Sumire frowned and sighed. "If they invent a car that runs on stupid jokes, you could go far."
"Put it down to an impoverished intellect," I said humbly.
"Okay, all joking aside, I want you to give it some serious thought. What do you think she showed me there? If you get it right, I'll pay the bill."
I cleared my throat. "She showed you the gorgeous clothes you have on. And told you to wear them to work."
"You win," she said. "She has this rich friend with clothes to spare who's just about the same size as me. Isn't life strange? There are people who have so many leftover clothes they can't stuff them all in their wardrobe. And then there are people like me, whose socks never match. Anyway, I don't mind. She went over to her friend's house and came back with an armful of these leftovers. They're just a bit out of fashion if you look carefully, but most people wouldn't notice."
I wouldn't know no matter how closely I looked, I told her.
Sumire smiled contentedly. "The clothes fit me like a glove. The dresses, blouses, skirts - everything. I'll have to take in the waist a bit, but put a belt on and you'd never know the difference. My shoe size, fortunately, is almost the same as Miu's, so she let me have some pairs she doesn't need. High heels, low heels, summer sandals. All with Italian names on them. Handbags, too. And a little make-up."
"A regular Jane Eyre," I said.
The dialogue is written in two different styles. Firstly, with the usual quotations: "A regular Jane Eyre", but also as a direct tell to the reader: I wouldn't know no matter how closely I looked, I told her.
Murakami uses this to break up conversations, much in the same way as changing sentence length changes the pace of the narrative. In his latest book: After Dark he resorted to colons: Kaori: "Well, I never". It's an interesting choice and it works, but I'm not yet sure why.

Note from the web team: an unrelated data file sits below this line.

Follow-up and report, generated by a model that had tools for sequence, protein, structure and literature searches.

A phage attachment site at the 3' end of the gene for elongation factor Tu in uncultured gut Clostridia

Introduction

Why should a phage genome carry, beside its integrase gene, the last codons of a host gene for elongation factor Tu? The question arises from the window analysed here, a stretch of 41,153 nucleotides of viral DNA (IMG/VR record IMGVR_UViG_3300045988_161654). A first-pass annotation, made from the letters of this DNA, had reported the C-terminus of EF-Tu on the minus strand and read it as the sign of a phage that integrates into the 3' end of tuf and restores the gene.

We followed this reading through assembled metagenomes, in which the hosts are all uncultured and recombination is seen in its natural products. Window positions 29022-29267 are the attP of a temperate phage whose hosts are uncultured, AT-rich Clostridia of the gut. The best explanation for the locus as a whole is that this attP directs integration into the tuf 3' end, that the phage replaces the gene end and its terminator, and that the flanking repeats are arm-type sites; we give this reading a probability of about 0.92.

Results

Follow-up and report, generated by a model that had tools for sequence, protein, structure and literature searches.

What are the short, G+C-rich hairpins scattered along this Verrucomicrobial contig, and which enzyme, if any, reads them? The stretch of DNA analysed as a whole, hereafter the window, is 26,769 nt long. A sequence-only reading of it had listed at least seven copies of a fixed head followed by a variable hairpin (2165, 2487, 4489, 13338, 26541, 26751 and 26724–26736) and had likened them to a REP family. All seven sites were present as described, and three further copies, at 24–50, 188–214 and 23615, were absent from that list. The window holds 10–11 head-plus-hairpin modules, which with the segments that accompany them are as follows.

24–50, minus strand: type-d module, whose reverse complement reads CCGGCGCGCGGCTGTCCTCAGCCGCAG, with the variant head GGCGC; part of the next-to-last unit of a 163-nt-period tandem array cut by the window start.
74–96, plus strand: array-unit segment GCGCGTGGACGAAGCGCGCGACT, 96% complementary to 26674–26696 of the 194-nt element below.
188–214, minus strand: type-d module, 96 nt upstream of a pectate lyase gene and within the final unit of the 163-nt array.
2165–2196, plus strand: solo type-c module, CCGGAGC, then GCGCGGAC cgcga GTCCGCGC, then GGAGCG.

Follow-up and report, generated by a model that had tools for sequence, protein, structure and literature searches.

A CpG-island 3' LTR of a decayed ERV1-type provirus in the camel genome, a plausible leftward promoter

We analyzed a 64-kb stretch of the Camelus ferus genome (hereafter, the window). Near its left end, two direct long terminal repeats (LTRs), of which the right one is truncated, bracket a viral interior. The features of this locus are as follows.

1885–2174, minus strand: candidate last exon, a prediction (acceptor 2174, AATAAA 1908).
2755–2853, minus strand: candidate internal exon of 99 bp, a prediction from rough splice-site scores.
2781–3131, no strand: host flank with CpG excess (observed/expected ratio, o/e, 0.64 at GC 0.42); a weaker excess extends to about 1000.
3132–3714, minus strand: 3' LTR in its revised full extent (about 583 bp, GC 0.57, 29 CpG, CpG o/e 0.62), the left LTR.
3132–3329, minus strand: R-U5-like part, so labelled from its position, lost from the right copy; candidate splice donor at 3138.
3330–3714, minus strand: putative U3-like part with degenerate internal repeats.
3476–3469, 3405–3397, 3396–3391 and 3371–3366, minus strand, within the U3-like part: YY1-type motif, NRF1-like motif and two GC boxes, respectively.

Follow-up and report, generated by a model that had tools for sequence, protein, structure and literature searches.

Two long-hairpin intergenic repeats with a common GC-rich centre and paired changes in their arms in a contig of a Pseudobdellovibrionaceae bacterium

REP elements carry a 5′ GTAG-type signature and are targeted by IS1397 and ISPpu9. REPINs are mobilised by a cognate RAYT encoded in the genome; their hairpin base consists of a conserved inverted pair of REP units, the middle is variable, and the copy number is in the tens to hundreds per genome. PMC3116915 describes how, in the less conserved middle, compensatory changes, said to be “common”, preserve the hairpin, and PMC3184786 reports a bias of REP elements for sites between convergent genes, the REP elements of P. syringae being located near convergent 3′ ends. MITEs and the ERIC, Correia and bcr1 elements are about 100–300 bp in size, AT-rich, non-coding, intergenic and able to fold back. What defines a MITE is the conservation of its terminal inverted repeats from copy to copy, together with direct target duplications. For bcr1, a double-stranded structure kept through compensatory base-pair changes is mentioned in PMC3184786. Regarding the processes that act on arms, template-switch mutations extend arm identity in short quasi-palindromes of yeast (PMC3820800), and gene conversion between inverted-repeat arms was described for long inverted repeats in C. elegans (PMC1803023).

In eight lines of dialogue there are two adverbs. Their use: I said humbly and Sumire smiled contentedly, keep the pace of the dialogue going. The reader isn't side-tracked with a list of what each character is doing at this time, or with an elongated discussion on relating just how contented Sumire looks.
We're all told we should avoid adverbs and adjectives however Murakami shows their perfect use. He is taking the dialogue and modifying slightly to enhance their manner. And sprinkled disparatley they have greater power. If, "put it down to an impoverished intellect" hadn't included the defining I said humbly the reader could easily, and wrongly, imagine that the character, K, giving a wink or a self-important smile of his own - which would be out of character certainly.
And with Sumire, we get a spiel that pours out of her about clothes, serving, from her contented smile to consolidate her infatuation not so much with the clothes but with her love interest Miu.
These short adverb breaks help the dialogue inform the reader on these characters. Sumire has until now dressed like the Beatnik Jack Kerouac, is turning by proxy into a woman as her infatuation with Miu grows.
K's character comes across in his wit, his references and his self deprecation.
We can use the sparse descriptions of movement or manner to inform the reader on the beats of the scene. During conversation Murakami only relates a change in expression or a movement when a character reacts to something - ahh, the art of brevity:
1. Sumire frowned and sighed.
- she is upset by K's joke.
2. I said humbly.
- K tries to ingratiate himself by making a self deprecating statement. He didn't mean to offend.
3. I cleared my throat.
- K is preparing to say something important (and of course, we have the distinct impression, or at least I do, that he fancies Sumire. He's not averse to giving her a compliment).
- She doesn't pick up on it. There is no reaction, because...
4. Sumire smiled contentedly.
- ... whether or not she picks up on his compliments she seems more enamoured with all thought of Miu than K.